Feb 29 2016 | by HAYLEY YATES
User generated content (UGC) is finally becoming a strand of content marketing that businesses are taking seriously. Content created by the end user, whether that be blog posts, articles, chats, tweets, videos or images, can be an extremely useful resource for businesses that requires little work - so if your business isn’t integrating it into their digital marketing strategy, you may want to reconsider.
Millennials spend over 5 hours each day on average consuming user generated content, which would explain why 25% of search results for the world’s top 20 brands are all user generated content. It’s a great way of sourcing new content for your brand without having to create that content yourself, which eliminates a concern for many businesses asking ‘What do we write about?’
In case that wasn’t enough to convince you, an overwhelming 80% of all web content is user generated content. Why is that important? Because web users trust earned media above other forms of advertising, and are more likely to trust your brand and believe it’s credibility if there are third party testimonials that exist.
There are examples of user generated content almost everywhere you look on the internet. Facebook, Twitter, Instagram and Youtube are all hugely popular sites built on user generated content models. What is important to note here is that content marketing using these platforms isn’t just about posting content, it’s about the gap that is bridged between brand and consumer. The end user creates, shares and consumes content that is tailored to their specific interests, and there are huge opportunities for businesses to tap into this so that the content created and shared works in their favour.
The basic reason that user generated content is so effective is that it works on a many-to-many scale. The more traditional one-to-many model of advertising has proved to be limited in effectiveness, as we have seen in the various ad blocking updates over the last few months. The build up of content provided by individuals sharing their experiences with your brand leaves a powerful trace for new and potential customers to refer to when deciding whether to interact with your brand.
User generated content can help your business in a number of ways. Your existing and prospective customers can create more stories, more content and more conversation than any marketing or advertising budget could, and the content users create will receive more engagement than brand created content could.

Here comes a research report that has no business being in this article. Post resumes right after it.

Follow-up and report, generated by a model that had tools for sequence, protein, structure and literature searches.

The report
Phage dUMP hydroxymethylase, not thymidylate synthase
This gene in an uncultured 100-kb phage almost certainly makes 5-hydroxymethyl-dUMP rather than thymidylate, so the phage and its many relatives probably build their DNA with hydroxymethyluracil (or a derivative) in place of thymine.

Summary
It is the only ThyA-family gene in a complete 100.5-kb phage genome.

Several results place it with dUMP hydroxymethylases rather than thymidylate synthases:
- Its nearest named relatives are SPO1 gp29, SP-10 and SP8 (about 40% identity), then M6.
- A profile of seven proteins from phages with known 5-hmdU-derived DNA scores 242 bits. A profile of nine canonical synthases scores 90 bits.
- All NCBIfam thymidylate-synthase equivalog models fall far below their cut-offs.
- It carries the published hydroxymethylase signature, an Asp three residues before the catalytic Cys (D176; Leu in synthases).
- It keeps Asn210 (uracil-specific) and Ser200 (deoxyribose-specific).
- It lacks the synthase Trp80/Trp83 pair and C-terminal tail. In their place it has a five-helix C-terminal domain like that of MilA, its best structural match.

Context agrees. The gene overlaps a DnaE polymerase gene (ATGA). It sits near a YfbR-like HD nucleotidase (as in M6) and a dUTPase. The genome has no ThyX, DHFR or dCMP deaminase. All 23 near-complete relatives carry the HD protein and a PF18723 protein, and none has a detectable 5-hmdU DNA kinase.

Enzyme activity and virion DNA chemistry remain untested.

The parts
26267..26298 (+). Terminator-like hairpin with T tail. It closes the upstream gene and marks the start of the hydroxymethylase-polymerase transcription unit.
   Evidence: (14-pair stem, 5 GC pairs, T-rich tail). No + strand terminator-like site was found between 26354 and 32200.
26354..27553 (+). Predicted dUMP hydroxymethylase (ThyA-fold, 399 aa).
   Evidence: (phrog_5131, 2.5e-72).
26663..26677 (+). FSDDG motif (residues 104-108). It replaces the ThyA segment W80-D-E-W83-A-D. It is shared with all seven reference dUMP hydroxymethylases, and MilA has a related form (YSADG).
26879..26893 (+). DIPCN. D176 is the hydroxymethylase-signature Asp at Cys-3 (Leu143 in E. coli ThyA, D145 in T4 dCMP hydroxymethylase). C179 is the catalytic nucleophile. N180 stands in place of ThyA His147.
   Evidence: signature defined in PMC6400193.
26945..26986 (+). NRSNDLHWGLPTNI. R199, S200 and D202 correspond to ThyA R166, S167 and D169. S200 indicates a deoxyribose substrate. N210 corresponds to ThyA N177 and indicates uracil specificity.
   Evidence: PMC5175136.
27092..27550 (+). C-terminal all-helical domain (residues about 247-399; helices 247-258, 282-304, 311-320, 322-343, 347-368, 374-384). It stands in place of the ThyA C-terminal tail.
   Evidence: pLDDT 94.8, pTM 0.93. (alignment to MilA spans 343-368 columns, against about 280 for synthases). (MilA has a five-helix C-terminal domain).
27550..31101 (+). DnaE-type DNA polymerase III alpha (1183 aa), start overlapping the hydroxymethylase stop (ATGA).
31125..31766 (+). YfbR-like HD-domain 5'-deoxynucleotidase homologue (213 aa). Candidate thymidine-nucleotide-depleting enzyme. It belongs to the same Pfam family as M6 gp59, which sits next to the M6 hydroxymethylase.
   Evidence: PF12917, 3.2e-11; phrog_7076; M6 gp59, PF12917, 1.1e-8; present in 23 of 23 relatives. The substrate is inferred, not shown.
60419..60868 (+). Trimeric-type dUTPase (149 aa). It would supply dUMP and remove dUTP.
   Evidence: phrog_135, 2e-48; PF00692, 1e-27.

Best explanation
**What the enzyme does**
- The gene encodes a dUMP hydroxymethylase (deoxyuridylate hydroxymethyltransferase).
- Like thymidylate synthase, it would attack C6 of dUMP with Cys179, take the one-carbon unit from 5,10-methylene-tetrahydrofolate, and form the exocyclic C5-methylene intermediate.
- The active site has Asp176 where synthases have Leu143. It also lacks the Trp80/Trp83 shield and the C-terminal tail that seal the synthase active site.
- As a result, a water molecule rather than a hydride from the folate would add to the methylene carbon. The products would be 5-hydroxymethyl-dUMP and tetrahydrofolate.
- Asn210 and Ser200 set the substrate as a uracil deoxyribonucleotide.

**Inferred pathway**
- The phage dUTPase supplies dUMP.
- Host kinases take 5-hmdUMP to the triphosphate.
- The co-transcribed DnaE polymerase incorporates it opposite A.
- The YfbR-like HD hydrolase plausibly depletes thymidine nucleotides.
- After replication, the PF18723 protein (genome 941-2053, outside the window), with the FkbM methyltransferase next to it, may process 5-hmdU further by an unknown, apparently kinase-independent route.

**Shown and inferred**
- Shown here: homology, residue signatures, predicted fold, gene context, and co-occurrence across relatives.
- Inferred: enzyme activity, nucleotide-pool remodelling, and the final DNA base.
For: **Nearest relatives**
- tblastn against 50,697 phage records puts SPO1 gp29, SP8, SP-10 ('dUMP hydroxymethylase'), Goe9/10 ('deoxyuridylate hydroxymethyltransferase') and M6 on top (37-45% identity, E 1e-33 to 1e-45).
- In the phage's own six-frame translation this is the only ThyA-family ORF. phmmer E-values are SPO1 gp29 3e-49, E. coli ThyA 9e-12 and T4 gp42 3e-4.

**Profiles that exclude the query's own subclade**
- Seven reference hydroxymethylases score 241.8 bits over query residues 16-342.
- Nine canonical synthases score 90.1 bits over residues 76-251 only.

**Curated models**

Your business can use social feedback to prove that what you say about your business is in fact true, and if the situation arises where negative feedback is being posted about your brand online, take the opportunity to show prospective customers that you act on the concerns of your current customers. They will be more inclined to interact with your brand and promote positive views about your business if you engage with consumers online.
There are risks associated with engaging with user generated content, as they can impact your brand’s reputation, but the benefits far outweigh the risks if you utilise the content to your advantage, which is why 78% of B2C companies are planning to use UGC in their 2016 marketing strategies.
User generated content can also have a positive impact on your brand’s SEO performance; we’re not just thinking about keywords and links anymore - customer review and social media posts impact how well your brand performs in rankings, especially if your business has the capability of receiving reviews (think TripAdvisor, Google Reviews, Yelp etc.).
Big brands have been experimenting with user generated content for a while now, utilising their fan bases on social media by launching campaigns intended to generate content that they can then go on to use as promotional material and social ‘proof’ of the credibility of their brand.
Versace recently launched their Valentine’s inspired #VersaceSharesLove campaign, launching an app that lets users create images with Versace emojis to share on social media.
Users have been posting their creations with the hashtag #VersaceSharesLove all over social media, and Versace has also launched a capsule collection of t-shirts depicting the reimagined iconic Medusa logo into an emoji for consumers to buy.
In this way, Versace are outreaching their brand and making it accessible to all Android and iOS users, whilst allowing users to generate hype around the brand on social media through images created on the app and is also driving users to their site to buy their limited edition emoji clothing.
Coca Cola recently launched their ‘GIF the feeling’ campaign, asking users to type a word or phrase to describe how drinking Coca Cola makes them feel. Despite their best intentions, Coca Cola’s campaign was turned on it’s head by web users who decided that they would use the GIF to create... less than polite messages about how Coca Cola makes them feel. This is an excellent example of how not to utilise user generated content. You can’t force users to say good things about your brand, and many users can and do see through marketing ploys, taking the opportunity to poke fun at the attempt.
So, as you can see, user generated content based campaigns can be a great way to get people talking about your brand and can provide you with material for case studies, testimonials and access to whole new groups of people each time a new person adds content to your site or platform, but try to influence what your end users are posting about you, and you may receive backlash.
A well thought out user generated content campaign, integrated with your brand’s digital marketing strategy can increase your online presence, drive sales to your ecommerce site and more.
If you would like to find out how AlphaQuad can help, please get in touch.